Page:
The legislative response was the Environmental (Protection) Act (1986). It authorizes the central government to protect and improve environmental quality, to control and reduce pollution from all sources, and to prohibit or restrict the setting and/or operation of any industrial facility on environmental grounds. Today, it is an umbrella Act from which myriad other environmental laws, like the Environmental Impact Assessment notification, etc, derive their authority.
Another response came from the Supreme Court where, while ruling on a subsequent Oleum Gas leak in Delhi, Justice PN Bhagwati added the principle of Absolute Liability to India’s legal liability regime. Says environmental lawyer Videh Upadhyay, “When the Indian government tried to hold Union Carbide responsible for the disaster, the best legal principle available to it was the strict liability principle. Derived from British Common Law, this says any industry engaged in hazardous activity is liable for adverse consequences even if the industry/enterprise is not directly responsible for them. However, mitigating conditions could be factored in, like acts of god, acts of strangers, etc.”
While ruling on the Oleum case, Justice Bhagwati did away with the exemptions. His order said: “Where an enterprise is engaged in a hazardous or inherently dangerous activity and harm results to anyone on account of an accident in the operation of such hazardous or inherently dangerous activity resulting, for example, in escape of toxic gas, the enterprise is strictly and absolutely liable to compensate all those who are affected by the accident and such liability is not subject to any of the exceptions which operate vis-à-vis the tortious principle of strict liability.”
This landmark legal principle, says Upadhyay, was developed in the backdrop of Bhopal. Joining other environmental principles like Polluter Pays and the Precautionary Principle, it has been used extensively since then.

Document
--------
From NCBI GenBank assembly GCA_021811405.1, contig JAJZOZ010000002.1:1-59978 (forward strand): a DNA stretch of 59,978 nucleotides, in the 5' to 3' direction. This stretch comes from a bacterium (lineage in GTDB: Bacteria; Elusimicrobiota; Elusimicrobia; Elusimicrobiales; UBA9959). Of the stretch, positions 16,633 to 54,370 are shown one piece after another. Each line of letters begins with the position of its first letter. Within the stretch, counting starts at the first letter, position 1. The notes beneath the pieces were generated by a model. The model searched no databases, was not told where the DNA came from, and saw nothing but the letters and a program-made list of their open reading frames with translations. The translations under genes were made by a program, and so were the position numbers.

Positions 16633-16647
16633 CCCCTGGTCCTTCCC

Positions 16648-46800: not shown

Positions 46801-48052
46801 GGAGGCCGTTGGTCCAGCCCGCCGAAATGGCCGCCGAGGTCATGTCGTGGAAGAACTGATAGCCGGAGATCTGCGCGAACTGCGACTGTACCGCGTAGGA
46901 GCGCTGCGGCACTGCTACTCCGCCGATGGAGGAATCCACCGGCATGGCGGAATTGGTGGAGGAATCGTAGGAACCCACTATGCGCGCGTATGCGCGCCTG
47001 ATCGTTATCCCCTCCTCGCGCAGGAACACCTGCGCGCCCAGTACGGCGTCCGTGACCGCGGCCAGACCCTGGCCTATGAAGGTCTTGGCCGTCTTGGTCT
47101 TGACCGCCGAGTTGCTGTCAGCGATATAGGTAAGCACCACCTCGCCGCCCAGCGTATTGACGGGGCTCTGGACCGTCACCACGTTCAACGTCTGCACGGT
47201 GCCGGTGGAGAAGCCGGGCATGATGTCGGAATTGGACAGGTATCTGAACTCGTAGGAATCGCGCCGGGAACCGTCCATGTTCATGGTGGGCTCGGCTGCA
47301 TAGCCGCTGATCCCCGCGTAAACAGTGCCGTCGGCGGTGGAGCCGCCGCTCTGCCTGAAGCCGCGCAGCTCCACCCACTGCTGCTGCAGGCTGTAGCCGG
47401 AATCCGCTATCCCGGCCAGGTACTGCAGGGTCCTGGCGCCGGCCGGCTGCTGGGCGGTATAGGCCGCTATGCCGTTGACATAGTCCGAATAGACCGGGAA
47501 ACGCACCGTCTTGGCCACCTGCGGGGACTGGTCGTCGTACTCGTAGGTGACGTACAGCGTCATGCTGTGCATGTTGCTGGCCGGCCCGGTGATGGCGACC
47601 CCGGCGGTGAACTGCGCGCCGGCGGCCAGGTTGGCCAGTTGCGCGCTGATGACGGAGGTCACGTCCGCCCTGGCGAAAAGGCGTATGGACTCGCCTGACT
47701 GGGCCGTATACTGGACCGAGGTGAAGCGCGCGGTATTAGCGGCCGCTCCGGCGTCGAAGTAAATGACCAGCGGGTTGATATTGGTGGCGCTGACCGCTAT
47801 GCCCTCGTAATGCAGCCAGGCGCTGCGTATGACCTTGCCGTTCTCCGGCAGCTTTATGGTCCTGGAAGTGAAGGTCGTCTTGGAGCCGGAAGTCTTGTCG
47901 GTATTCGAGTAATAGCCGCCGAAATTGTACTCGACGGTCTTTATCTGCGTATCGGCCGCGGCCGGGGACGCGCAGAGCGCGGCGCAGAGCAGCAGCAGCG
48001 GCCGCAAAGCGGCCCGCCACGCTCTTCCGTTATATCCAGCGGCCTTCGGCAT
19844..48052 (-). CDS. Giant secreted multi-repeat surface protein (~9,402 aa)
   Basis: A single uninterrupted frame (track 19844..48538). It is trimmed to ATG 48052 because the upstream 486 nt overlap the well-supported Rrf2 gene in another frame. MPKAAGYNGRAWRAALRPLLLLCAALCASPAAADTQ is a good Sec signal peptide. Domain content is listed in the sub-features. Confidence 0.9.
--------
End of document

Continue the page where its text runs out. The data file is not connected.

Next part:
It shows the caring side of the Indian state. But, look at how the victims have been treated, and you see something strikingly different.
In all these years, regardless of the party in power, the victims’ struggle for compensation and treatment has continued. A combination of disinterested gas relief hospitals and almost non-existent medical research into the effects of the gas leak on humans has resulted in the gas victims getting little more than palliative treatment for their medical problems. The symptoms get treated but little else more. Poor attempts at social and economic rehabilitation have resulted in them sinking deep into poverty.
Saddest of all, the number of victims has been swelled by a second generation of victims. Some are children born to badly-affected survivors are blind, lame, with limbs twisted or missing, deaf and mute, brain-damaged, with hare-lips, cleft palates, webbed fingers, cerebral palsy or tumours where there should be eyes. Others are those who unknowingly bought land abutting the ponds outside the plant where Carbide used to dump its chemical slurry. This water-affected population, reports Sambhavna Clinic, a charity set up to help gas victims, is showing an incidence of birth defects that is ten times the national average.
A strange paradox, indeed.
SughaVazhvu is testing a radical idea: can technology replace doctors with nurses, human judgement with software solutions? “It is difficult to expect doctors to stay in villages,” explains Mor. “So, we are asking if a combination of technology and a reasonable amount of training (to local nurses), under the supervision of a doctor, can deliver superior outcomes.
in thanjavur, nachiket mor and his team are testing ways and means of improving primary healthcare delivery in rural india. early days, yet. but here is a look at what they are up to.
It’s a polarised debate. Always has been. Those who make a living expanding the possibilities of technology feel it can solve many economic ills, even those of the India that lives on 20 a day under the trembling glow of a lantern. And those who engage with that very India say technology solutions are fine, but they belie an understanding of rural lives and livelihoods.
The divide is back in focus, over a Rs 1,50,000 crore question: should the government continue to give grain, fuel and fertiliser to the poor at below-market prices, or should it transfer cash to their bank accounts? Wanting a better return on the Rs 1,50,000 crore the government gives as subsidy every year, finance minister Pranab Mukherjee , in his budget speech last month, signalled a move to the cash-transfer system.
my colleague shelley singh and i look at the issues that the government must address to make cash transfers a success.